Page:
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Northern Volumetric Rates Subject to Detailed Review

Northern Volumetric Rates Subject to Detailed Review

Northern Natural's innovative volumetric rate proposal, which could provide customers with a method of better managing weather risk, is headed to a technical conference and further FERC and industry scrutiny.

The Federal Energy Regulatory Commission last week accepted and suspended for the full five months the tariff sheets related to the proposed optional volumetric firm throughput service (Docket No. RP00-264) subject to refund and the outcome of the technical conference (see NGI, May 15).

The service would allow customers to only pay for the service they use and share the risk of weather-related volatility with the pipeline. The proposed service would be available to existing and new customers that contract for long-term firm service on Northern Natural, and would have the same terms and conditions as the pipeline's existing firm rate schedules.

The VFT service would offer customers "a new flexible billing option for the pricing of firm service, i.e., a 'pay-as-you-go' approach," according to Northern Natural. Also, it would permit customers to "fix the per-unit cost of transportation service purchased from Northern and insulate themselves and their customers from weather-driven cost volatility." Northern believes the VFT service would be a vast improvement over the current two-part firm billing structure, where a shipper pays for firm service whether it uses the service or not.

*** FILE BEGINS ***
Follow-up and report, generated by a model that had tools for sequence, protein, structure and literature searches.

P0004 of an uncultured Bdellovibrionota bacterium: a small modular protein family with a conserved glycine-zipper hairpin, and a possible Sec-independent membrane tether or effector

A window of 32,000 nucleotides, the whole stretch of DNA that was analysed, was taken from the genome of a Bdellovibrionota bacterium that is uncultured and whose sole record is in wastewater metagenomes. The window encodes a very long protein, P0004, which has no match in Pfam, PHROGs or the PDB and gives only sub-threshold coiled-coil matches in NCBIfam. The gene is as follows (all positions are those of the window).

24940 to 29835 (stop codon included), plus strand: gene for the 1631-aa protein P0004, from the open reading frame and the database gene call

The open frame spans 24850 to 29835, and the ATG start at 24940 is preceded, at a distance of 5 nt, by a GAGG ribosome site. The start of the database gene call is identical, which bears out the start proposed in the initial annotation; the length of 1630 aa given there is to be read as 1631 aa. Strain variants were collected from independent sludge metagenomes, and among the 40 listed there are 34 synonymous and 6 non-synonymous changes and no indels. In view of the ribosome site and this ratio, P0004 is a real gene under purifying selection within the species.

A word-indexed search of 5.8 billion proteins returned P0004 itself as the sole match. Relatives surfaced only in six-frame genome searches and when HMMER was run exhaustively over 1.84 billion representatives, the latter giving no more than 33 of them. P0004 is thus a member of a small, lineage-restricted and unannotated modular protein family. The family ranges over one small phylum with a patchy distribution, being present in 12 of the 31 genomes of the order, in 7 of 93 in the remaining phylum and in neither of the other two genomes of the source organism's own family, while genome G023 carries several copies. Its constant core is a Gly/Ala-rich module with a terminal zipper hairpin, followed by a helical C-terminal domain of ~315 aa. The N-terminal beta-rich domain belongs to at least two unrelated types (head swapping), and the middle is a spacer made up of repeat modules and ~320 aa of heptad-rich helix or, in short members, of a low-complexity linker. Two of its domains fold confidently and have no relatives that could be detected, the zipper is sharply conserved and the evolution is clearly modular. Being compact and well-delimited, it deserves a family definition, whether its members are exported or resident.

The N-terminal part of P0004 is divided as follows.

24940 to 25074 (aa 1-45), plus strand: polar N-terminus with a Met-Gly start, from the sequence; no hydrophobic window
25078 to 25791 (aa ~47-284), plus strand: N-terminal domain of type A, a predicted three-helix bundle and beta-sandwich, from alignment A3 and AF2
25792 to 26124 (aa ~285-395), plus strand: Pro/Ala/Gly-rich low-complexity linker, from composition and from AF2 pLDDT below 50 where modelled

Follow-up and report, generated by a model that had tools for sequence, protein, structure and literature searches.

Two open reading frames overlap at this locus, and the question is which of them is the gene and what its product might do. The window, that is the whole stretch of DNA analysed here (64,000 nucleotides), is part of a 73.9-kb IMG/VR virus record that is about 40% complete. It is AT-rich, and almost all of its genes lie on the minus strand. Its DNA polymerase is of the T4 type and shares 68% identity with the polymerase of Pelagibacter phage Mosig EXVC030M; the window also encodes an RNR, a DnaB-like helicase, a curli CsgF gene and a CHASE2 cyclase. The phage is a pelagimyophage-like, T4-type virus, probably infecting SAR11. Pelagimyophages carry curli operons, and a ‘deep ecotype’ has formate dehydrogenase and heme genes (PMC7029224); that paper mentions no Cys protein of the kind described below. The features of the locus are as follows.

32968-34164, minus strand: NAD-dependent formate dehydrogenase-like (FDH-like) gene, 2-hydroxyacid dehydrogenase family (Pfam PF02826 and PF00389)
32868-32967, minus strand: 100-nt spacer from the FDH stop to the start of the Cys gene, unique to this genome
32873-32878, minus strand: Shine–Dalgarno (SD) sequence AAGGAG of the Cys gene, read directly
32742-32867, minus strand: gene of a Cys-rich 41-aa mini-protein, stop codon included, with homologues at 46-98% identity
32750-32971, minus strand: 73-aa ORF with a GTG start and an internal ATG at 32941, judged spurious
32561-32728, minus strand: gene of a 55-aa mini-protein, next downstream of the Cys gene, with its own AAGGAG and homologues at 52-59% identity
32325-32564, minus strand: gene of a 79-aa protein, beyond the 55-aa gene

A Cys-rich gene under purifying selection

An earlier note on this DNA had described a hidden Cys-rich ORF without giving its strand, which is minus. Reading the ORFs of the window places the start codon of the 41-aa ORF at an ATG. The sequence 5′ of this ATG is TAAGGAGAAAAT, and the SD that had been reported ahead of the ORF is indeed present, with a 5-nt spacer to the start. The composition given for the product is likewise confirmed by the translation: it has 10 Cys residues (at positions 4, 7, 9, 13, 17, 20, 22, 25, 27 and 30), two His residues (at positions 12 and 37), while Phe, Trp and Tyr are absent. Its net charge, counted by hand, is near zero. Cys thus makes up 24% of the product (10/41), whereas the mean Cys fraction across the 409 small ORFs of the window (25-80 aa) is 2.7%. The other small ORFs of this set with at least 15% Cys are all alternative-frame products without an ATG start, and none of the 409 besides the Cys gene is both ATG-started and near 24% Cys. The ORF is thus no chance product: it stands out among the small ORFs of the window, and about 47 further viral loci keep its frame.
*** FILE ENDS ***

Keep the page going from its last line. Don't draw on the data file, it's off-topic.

Some intervenors lauded Northern's goal of giving shippers a hedge against weather risk an said the pipeline should be commended for it innovation and efforts to design new rates and services desired by existing and potential customers. A number of intervenors, however, still wanted a technical conference because of some serious flaws in the proposal. Protesters argued that the proposal was contrary to FERC policy and regulations mandating the use of straight fixed-variable rate design. Others said that Northern's proposed load factor calculation needed to be filed because it could slant the economic benefits to Northern if based on the last three warmer than normal winters.

FERC said the proposal "presents many difficulties, such as how to effectively allocate capacity and whether there is undue discrimination and cross-subsidization present in a volumetric rate. These issues need further development and exploration prior to implementation."

FERC also said the filing did not comply with its regulations because Northern did not discuss the impact on existing customers, provide the basis for the rate schedule, the workpapers that develop the proposed load factor calculations nor any cost and revenue reconciliation.

"Northern's proposal also institutes a seasonality in its rates that Northern has not explained," FERC said. "The proposal is not consistent with Order No. 637 in that (1) the tariff sheets were not filed as pro forma sheets and (2) it applies peak/off peak rates to long term, contracts but does not propose a revenue crediting mechanism, a cost and revenue study in fifteen months, nor a full section 4 proceeding." As a result a technical conference is necessary, FERC said.

Rocco Canonica

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